By Tchiki Davis
We seem to really get a kick out of complaining about work. We hover around the water cooler, confide in our friends, and even share our workplace horror stories with our spouses.
But recounting all the things that made us miserable one day doesn’t help us enjoy our workday more tomorrow. A better strategy is to actually address the negative feelings we have.
When annoyance, self-doubt, or the blues surface at work, we can learn to work through these feelings. Here are three emotion regulation strategies you can use—and how to put them into practice for a happier work life.
Negative emotions exist. Pushing them away or ignoring them does more harm than good, even if we might be tempted to do so.
Instead, try acknowledging your emotions and giving them a seat at the table. Maybe you feel bad because your boss plays favorites—and you’re not the favorite. Or maybe you’re frustrated because your teammates are always running late. It’s okay to feel these negative emotions. You don’t need to judge yourself.
To learn how to practice acceptance at work, start at home by writing out a list of the things you can and cannot control. First, focus on the things you cannot control. Let any emotions you have rise to the surface. Work on accepting these emotions, and yourself, just as you are—saying things like, “I am angry that I didn’t get a promotion, but that’s okay. I am allowed to feel angry.” Experience these emotions, but don’t hold on to them or ruminate on the causes. Just let them fade in their own time.
You might be better served by actually changing your situation if you have the ability to do so, rather than accepting an abusive boss or unhealthy work environment. Use that list of things you can control to take action.
We all experience unpleasant situations, especially at work. You may ruminate about a meeting that went poorly, a coworker who slighted you, or a lack of acknowledgement for a project you poured your heart into. But the longer you feel bad, the more that bad feeling compounds.
To calm these negative emotions, mentally removing yourself from the situation is a helpful trick. Research suggests that a more distanced, third-party perspective can reduce the intensity of the negative emotions you feel. To try it, imagine that you’re a fly on the wall, observing your situation. How do you see the situation? How do both people look—you and the other person? By cultivating a broader perspective, you’ll often discover that the situation is not as bad as you thought it was.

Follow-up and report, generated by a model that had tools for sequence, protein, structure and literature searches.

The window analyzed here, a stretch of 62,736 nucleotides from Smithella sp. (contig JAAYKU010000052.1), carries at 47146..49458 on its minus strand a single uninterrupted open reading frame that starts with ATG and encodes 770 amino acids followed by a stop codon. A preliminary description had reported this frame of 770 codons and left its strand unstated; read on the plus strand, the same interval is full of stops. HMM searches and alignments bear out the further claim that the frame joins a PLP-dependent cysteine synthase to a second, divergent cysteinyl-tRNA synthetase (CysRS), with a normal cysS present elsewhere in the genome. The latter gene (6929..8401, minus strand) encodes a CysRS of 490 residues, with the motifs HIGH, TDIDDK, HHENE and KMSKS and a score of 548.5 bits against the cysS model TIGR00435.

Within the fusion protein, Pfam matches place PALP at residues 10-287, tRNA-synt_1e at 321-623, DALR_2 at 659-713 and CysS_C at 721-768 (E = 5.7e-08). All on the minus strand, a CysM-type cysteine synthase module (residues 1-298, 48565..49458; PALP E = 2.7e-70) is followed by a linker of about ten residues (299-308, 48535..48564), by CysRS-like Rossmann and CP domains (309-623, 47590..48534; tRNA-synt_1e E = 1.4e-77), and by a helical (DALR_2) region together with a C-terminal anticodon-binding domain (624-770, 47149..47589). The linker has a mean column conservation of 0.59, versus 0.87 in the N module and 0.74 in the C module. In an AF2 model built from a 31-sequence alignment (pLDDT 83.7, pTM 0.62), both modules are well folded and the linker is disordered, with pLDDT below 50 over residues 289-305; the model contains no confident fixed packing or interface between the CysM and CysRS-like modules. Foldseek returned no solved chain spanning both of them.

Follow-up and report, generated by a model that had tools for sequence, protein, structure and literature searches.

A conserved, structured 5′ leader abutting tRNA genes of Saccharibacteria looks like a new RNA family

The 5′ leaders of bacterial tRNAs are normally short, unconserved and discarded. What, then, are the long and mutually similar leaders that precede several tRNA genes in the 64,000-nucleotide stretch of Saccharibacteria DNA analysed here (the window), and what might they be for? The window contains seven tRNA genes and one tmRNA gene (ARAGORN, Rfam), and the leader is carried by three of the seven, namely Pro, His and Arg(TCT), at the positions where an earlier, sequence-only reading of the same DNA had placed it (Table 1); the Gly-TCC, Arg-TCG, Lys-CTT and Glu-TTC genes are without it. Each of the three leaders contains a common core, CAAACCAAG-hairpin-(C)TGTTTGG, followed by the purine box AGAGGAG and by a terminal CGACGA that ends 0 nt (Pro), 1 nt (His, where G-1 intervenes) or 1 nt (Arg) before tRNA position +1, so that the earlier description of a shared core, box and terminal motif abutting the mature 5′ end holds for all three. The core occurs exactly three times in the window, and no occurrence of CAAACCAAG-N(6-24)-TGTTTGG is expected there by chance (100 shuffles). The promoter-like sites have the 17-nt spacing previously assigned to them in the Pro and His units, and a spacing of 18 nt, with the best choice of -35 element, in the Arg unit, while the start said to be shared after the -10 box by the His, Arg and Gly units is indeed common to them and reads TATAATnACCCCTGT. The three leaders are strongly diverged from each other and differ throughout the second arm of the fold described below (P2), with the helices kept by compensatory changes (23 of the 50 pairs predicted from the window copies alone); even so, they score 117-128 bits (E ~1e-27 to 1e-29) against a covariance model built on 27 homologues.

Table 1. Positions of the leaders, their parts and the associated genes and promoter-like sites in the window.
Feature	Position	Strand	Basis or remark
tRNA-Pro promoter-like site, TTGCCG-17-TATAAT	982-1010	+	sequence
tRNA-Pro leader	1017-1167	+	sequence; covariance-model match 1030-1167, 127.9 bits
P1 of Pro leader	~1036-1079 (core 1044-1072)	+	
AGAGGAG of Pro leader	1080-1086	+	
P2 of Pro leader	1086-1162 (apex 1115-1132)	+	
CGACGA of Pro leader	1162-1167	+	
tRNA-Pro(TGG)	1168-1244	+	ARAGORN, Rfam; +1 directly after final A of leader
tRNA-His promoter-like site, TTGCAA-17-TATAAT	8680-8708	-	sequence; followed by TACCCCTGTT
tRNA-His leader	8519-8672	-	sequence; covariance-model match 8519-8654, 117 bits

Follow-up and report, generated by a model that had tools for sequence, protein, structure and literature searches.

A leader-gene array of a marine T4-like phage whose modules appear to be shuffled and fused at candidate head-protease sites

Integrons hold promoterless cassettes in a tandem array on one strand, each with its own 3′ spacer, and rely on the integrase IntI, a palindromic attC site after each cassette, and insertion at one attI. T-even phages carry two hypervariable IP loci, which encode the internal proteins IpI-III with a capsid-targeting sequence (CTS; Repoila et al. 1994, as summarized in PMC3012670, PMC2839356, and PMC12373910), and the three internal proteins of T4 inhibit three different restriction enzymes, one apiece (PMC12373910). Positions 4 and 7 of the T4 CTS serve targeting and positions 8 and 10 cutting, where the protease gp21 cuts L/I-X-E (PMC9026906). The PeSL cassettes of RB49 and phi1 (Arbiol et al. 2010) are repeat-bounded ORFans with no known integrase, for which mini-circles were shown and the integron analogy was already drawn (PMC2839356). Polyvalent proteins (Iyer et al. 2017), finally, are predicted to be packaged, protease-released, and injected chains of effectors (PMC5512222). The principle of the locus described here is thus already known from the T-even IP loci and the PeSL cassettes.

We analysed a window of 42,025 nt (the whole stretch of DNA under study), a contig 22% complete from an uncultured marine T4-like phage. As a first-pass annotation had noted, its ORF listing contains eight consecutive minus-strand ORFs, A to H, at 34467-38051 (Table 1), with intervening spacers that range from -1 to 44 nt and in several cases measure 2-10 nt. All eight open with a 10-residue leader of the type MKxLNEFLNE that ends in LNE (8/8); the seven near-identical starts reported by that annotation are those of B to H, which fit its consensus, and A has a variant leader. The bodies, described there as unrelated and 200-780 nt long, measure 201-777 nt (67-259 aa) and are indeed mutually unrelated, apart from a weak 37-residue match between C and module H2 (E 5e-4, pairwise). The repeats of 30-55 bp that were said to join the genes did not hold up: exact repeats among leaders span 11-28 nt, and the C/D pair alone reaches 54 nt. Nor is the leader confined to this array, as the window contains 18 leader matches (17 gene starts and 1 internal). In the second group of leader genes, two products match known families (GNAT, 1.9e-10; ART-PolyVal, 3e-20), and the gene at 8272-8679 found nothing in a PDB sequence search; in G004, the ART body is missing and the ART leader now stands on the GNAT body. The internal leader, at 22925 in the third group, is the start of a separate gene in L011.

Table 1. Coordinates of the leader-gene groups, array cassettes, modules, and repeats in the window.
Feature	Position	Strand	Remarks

Be careful not to mentally remove yourself from the situation permanently. There are many benefits to staying mindfully present for your work life.
Finding the positive in negative situations is an especially useful emotion regulation strategy when something happens at work that you judge to be undesirable.
To begin to change your perspective, learn to pause in the face of something negative and think of or write down at least one positive. For example, did you get critical feedback on a recent presentation you gave or a report you wrote? Might you reappraise this as helpful information for your career growth—an opportunity to learn how to do better next time? The more frequently you challenge yourself to find the positives, the easier it will be for your brain to start noticing them on its own.
When you’re not used to using reappraisal (or the other strategies), it can sound difficult or contrived. I know this because I confronted a major negative experience at work a few months ago: I lost my job. But a positive spin goes a long way; I ended up taking advantage of that situation to start writing a “happiness at work” column for Jhana, a blog for Psychology Today, and more articles for Greater Good. I saw my job loss as an opportunity to find work that makes me a lot happier.
Using reappraisal isn’t always the best approach. Again, if the situation is controllable, then you might be better served by taking action instead of changing your perspective.
By trying these techniques in easier, “practice” situations, you’ll build your emotion regulation ability, so that you’re more prepared to handle the tougher situations. For example, it’ll likely be easier to identify potential upsides when your company upgrades to new software than when your boss is yelling at you for missing an important deadline. So take the time now to build these skills—it pays off big in the long run.
Tchiki Davis, M.A., Ph.D., is a Berkeley graduate and well-being-technology expert. As a Research and Development (R&D) Consultant and contributor to GGSC’s The Science of Happiness course and blog, Dr. Davis draws on her experiences building well-being products and interventions in Silicon Valley to deliver innovative ideas for increasing personal well-being.
This article was originally published on Greater Good Science.